An Inuk hunter's shocking discovery: A 1-headed, 2-bodied seal fetus

Aibillie Elijassiapik, an Inuk hunter in Northern Quebec, found a rare conjoined seal fetus this week.

WARNING: This story contains graphic photos of seals

Aibillie Elijassiapik was out hunting seals near Inukjuak, Que., when he discovered an unusual seal fetus. (Submitted by Aibillie Elijassiapik )

Aibillie Elijassiapik was out hunting seals near Inukjuak, Que., when he noticed his catch had an abnormally protruding belly.

He assumed the seal was pregnant, and pregnant it was — but what he found in its womb was what he called, in Inuktitut, a total surprise.

He began to skin the ringed seal — a normal hunting procedure. That quickly took an unexpected turn.

"I noticed in the uterus two sets of flippers, so I was expecting to pull out two seal pups," said Elijassiapik, who said it's rare for a seal to give birth to two seal pups.

"In fact, it was only one conjoined seal pup at the head."

Elijassiapik, who has been hunting since his father taught him at a young age, said he has never seen anything like it.

Aibillie Elijassiapik found this one-headed, two-bodied ringed seal fetus near Inukjuak, Que., on Monday. (Submitted by Aibillie Elijassiapik )

2nd strange seal encounter in weeks

But this wasn't the only surprising seal abdomen Elijassiapik has seen recently.

Two weeks earlier, he found a seal who had another abnormally swollen belly. He said there was a strange lump on its stomach.

When he butchered this seal, an unusual yellow-green pus oozed out, he said.

Both of the strange seals were left behind under the instruction of an elder of Elijassiapik's community.

'Almost heartbreaking ... mess-up of biology' says prof

"I have never seen this… ever," said Sara Iverson, a professor of biology at Halifax's Dalhousie University who specializes in marine mammals.

She has studied reproduction in seals for 36 years.

"It's almost heartbreaking in a sense because it's such a mess-up of biology," said Iverson. "But in another sense, it's just fascinating."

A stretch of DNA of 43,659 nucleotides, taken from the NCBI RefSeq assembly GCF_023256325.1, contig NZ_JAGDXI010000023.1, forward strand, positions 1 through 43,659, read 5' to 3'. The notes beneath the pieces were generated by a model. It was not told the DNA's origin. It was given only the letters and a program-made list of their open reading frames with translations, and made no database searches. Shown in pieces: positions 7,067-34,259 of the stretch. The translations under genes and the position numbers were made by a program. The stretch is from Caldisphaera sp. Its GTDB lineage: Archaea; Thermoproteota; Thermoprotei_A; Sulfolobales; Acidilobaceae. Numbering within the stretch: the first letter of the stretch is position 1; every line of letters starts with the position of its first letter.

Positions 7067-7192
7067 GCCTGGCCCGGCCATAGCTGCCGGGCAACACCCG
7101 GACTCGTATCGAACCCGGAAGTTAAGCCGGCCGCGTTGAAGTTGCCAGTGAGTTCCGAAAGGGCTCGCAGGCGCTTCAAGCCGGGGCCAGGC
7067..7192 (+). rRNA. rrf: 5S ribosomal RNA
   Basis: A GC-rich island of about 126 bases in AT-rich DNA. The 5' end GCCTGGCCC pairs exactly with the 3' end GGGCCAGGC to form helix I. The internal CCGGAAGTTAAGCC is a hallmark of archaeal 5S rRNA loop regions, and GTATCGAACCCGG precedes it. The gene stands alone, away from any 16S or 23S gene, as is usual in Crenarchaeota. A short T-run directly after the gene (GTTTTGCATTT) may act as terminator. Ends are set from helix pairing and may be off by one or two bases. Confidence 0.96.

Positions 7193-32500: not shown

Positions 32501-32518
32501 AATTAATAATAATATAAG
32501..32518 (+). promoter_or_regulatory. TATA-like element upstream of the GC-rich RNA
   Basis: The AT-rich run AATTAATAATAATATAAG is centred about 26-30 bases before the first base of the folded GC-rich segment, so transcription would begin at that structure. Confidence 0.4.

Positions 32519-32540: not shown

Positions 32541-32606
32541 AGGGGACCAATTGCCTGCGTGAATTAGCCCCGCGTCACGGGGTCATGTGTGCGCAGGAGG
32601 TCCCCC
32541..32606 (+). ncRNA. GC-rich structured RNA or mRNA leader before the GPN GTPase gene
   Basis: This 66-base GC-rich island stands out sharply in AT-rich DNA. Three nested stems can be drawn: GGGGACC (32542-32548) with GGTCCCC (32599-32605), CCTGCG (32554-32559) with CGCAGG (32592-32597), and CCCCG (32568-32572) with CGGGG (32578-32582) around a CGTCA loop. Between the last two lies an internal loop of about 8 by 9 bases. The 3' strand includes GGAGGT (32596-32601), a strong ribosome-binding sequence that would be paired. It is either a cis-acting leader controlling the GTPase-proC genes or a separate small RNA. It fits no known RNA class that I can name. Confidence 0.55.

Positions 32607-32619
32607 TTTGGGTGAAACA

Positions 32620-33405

Looking at the photos sent to her by CBC News, Iverson described the twins as almost neck and neck, chins attached together, and noted that the two sets of bodies were separate right beneath the abdomen.

"God that is just amazing," she said.

This might be the first-ever reported case of a conjoined ringed seal fetus in the world, according to Dalhousie professor Sara Iverson. (Submitted by Aibillie Elijassiapik )

At first glance, Iverson said the specimen was a conjoined twin fetus, a rare phenomenon.

She said there's too little information to speculate on the cause of the malformation, but some theories include errors in cellular division, genetic defects, environmental factors, or a combination of the above. One way twins conjoin is through a process called fetus in fetu, where a dominant twin absorbs in the other, said Iverson.

"But I would say, if stuff like this was found again, it would be really important to save the specimen, get them in a freezer and ship it to an animal pathologist," she said. 

She said there are only a handful of reports of this birth defect in seals around the world.

"This might be the first-ever report in ringed seals," said Iverson.

Conjoined harbour seal fetus in the U.S. in 2013

But there was a report of a conjoined seal fetus in the U.S. in 2013. A harbour seal — a more common type of seal found across the Northern Hemisphere — died on the shores of Olga, Wash., giving birth to the conjoined fetus.

A conjoined harbour seal fetus found in 2013 in Washington state. (Conjoined Fetal Twins in a Harbor Seal (Phoca vitulina), Journal of Wildlife Diseases 2016)

"The cause of this unique anomaly — a first for this species — was not identified," states a 2016 journal article in the Journal of Wildlife Diseases.

Iverson said the ringed seal carrying the recently discovered conjoined seal fetus would have either had a stillbirth or died giving birth.

With files from Qavavao Peter